Attention Deficit Hyperactive Disorder, or ADD / ADDHD as it is called, is a very common disorder in children, and it has become fairly common and is well understood by people nowadays. However, people tend to think of this disorder only as it applies to children, and not adults. ADHD can develop in adulthood, and even though a lot of children grow out of it, many times, the children with ADHD turn into adults with ADD or ADHD, but don’t get the same type of allowances that people gave them as children. Adults are expected to shake it off – be mature and responsible, and ADHD just doesn’t fit the profile!
Since there are so many adults out there who do have ADHD, it is becoming more recognized these days, but we still have a long way to go when it comes to adult ADD / ADHD. If you are an adult who suffers from this disorder, and you have been finding it hard to reach a healthy balance between embracing your symptoms and curbing them, don’t worry; there is one simple way to knowing when to keep going and when to quit – body language.
When an adult with ADHD is interacting with other people, they can talk more, be more fidgety or distracted, and more forgetful than any other person in the room. Realizing this usually causes the person with the ADHD to feel embarrassed, ashamed and isolated, but there is really no need to feel this way. You are not inferior to those around you and you do not have to feel insecure about your ADHD symptoms. All you have to do is read the body language of the people around you when you are interacting with them, and make sure that you are not allowing your symptoms to dictate how you are interacting with others.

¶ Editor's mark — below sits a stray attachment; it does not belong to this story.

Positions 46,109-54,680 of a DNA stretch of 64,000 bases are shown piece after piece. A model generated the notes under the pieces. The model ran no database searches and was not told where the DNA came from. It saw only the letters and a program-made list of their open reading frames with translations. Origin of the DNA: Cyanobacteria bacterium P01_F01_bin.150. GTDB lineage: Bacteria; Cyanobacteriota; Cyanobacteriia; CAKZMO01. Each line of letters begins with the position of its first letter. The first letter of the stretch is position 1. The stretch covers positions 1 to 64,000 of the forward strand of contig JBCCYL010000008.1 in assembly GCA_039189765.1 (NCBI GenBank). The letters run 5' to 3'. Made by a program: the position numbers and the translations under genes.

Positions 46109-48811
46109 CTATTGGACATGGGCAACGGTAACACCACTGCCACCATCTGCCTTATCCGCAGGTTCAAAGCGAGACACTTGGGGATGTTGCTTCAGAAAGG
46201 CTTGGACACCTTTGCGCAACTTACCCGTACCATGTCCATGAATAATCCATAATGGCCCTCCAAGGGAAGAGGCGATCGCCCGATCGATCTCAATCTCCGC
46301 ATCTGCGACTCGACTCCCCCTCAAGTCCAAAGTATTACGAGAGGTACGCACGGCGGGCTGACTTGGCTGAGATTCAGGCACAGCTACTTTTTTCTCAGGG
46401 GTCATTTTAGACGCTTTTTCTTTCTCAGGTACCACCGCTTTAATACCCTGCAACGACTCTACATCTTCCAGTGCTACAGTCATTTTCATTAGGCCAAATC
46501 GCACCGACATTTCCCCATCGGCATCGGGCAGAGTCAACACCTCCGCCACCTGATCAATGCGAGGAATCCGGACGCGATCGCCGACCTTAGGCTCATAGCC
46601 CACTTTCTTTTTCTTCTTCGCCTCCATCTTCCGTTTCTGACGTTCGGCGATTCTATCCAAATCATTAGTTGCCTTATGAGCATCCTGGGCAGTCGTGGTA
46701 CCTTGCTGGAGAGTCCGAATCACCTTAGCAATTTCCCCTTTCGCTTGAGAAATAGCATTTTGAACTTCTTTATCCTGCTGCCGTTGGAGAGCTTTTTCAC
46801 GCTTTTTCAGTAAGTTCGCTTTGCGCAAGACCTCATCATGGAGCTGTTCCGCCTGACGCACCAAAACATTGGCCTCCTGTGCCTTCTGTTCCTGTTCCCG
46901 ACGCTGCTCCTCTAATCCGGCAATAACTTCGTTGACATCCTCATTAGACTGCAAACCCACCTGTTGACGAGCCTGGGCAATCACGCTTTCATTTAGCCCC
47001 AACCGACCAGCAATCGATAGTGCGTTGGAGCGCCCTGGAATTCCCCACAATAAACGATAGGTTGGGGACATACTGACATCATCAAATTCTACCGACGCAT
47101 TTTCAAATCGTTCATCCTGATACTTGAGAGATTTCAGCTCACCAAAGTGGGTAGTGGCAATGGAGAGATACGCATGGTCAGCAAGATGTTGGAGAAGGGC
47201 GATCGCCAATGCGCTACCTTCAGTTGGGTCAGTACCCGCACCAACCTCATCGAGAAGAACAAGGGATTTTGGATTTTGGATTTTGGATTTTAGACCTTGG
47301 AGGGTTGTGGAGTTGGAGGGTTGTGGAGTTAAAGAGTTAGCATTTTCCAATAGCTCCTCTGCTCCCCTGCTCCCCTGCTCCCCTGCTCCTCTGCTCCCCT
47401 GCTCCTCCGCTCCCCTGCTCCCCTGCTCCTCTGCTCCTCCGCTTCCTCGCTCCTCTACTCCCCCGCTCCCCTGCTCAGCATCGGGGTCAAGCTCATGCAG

For example, when you are talking to someone, and you notice that they start to get fidgety, this may mean that they need to leave, or that they want a turn to talk. People with ADHD tend to talk too much, without realizing that these signals are being used by other people as a hint that they have heard enough on the subject. Remind yourself before heading into a conversation that you need to remember to read body language.
One thing that adults with ADHD suffer from is forgetfulness. This one is not always avoidable, because the only thing you have to depend on for help in this area is your memory and other peoples’ memories. If they are as forgetful as you are, then you won’t find much help there! What you can do for yourself here, is overdo it when it comes to reminding yourself of things. Never make the mistake of thinking that just 1 type of reminder will be enough; you may need several before you actually get around to doing what you need to do.
You can try keeping a piece of paper and a pen in your pocket at all times, to write down anything that comes to mind. Forget the palm pilots and daytimers – any seasoned ADHD adult will know that they will never remember where these items are anyways, so it is no use to buy one! When you are away from home, you can also call home as soon as you think of something you need to do, and leave a message for yourself. You can also ask a few different people to remind you of whatever it is you need to do.